The sky on a clear day is like the inside of a huge balloon swelling up, up, up into space. My cat is a wisp of smoke that slips between the gap in the fence on a cold morning. What do both of these sentences have in common? They use the wonderful tools of metaphors and similes to craft images.
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Metaphors and similes both compare two things. The original thing that’s being described is called the “subject” of the metaphor or simile, and what the original is being compared to is the “object.” Poets use metaphors and similes to compare two very different things that we wouldn’t normally think of together, in order to bring up new ideas and surprising observations.
Now that we know their similarities, here are the differences:
Metaphor: compares two things directly without using “like” or “as”; the subject IS the object. Metaphors are more direct than similes, which can make them seem stronger or more surprising. Example: The sunrise this morning was an ocean of honey dusted with powdered sugar.
Simile: compares two things by saying they are “like” each other; the subject IS LIKE the object. Similes remind us that a comparison is being made, which sometimes makes them easier to understand and follow. Example: Falling in love feels like a thousand crickets jumping around in my chest.
Below are some examples of poems that use an overall metaphor or simile throughout the poem. For some teatime fun, try spotting the metaphors and similes in the following poems!
A Red, Red Rose
By Robert Burns
O my Luve is like a red, red rose
That’s newly sprung in June;
O my Luve is like the melody
That’s sweetly played in tune.
So fair art thou, my bonnie lass,
So deep in luve am I;
And I will luve thee still, my dear,
Till a’ the seas gang dry.
Till a’ the seas gang dry, my dear,
And the rocks melt wi’ the sun;
I will love thee still, my dear,
While the sands o’ life shall run.
And fare thee weel, my only luve!
And fare thee weel awhile!
And I will come again, my luve,
Though it were ten thousand mile.
By Langston Hughes
What happens to a dream deferred?
Does it dry up
like a raisin in the sun?
Or fester like a sore—
And then run?
Does it stink like rotten meat?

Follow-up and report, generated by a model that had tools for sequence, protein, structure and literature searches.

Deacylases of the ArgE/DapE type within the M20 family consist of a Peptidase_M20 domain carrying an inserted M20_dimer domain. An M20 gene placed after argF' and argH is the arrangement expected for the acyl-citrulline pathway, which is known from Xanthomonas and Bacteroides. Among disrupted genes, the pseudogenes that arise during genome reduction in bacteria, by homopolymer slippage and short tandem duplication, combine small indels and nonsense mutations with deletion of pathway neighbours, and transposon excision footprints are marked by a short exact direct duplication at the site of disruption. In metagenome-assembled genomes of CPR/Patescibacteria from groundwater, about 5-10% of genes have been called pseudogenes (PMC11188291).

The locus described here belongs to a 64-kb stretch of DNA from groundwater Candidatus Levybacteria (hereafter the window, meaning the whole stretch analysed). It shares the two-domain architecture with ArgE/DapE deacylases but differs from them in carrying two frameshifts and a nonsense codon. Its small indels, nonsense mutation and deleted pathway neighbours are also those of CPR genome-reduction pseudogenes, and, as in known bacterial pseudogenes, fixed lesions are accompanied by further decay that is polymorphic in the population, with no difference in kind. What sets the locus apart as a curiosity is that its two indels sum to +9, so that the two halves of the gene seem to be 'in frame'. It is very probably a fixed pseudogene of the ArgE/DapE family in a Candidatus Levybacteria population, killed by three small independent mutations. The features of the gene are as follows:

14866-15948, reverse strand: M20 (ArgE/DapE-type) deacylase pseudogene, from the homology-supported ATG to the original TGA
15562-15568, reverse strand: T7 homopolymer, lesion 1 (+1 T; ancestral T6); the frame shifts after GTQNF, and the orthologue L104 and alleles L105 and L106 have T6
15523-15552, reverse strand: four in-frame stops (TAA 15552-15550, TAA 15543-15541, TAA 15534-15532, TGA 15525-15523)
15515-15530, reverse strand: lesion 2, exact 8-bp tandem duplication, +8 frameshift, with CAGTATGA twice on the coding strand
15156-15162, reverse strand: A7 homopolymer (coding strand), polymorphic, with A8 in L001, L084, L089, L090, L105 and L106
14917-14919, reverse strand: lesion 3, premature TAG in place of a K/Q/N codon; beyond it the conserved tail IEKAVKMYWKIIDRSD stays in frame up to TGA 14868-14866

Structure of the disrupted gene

Or crust and sugar over—
like a syrupy sweet?
Maybe it just sags
like a heavy load.
Or does it explode?
“Hope” is the thing with feathers
By Emily Dickinson
“Hope” is the thing with feathers -
That perches in the soul -
And sings the tune without the words -
And never stops - at all -
And sweetest - in the Gale - is heard -
And sore must be the storm -
That could abash the little Bird
That kept so many warm -
I’ve heard it in the chillest land -
And on the strangest Sea -
Yet - never - in Extremity,
It asked a crumb - of me.
Paint chip poetry: pick up paint chips at your local Walmart or paint store. Describe the color of your paint chip using metaphors or similes. Inspiration: this activity from Fabulous in Fifth.
Metaphor and simile poem: If you have older kids who are up for the challenge of writing their own poem, try this prompt from Miss Rumphius Effect. For more examples, check out A Year of Reading and Wild Rose Reader.
Metaphor Mad Libs: The Poetry Foundation has a wonderful post on learning about metaphor, simile, and other types of figurative language. If you scroll down, there is a fun Mad Libs activity to try! You could even create your own Mad Libs with blanks for some wild and creative comparisons!
Other Links & Resources
List of children’s books with similes and metaphors (not all poetry) from The Best Children’s Books
A wonderful list of examples of metaphor poems for kids from Love to Know
List of books with figurative language from This Reading Mama
My Heart is Like a Zoo, by Michael Hall
Hello, Harvest Moon, by Ralph Fletcher
My Best Friend is Sharp as a Pencil, by Hanoch Pavin
Skin like Milk, Hairs of Silk, by Brian P. Cleary
Owl Moon, by Jane Yolen
My School’s a Zoo!, by Stu Smith
Dirty Laundry Pile: Poems in Different Voices, by Paul Janeczko
It Figures!: Fun Figures of Speech, by Marvin Terban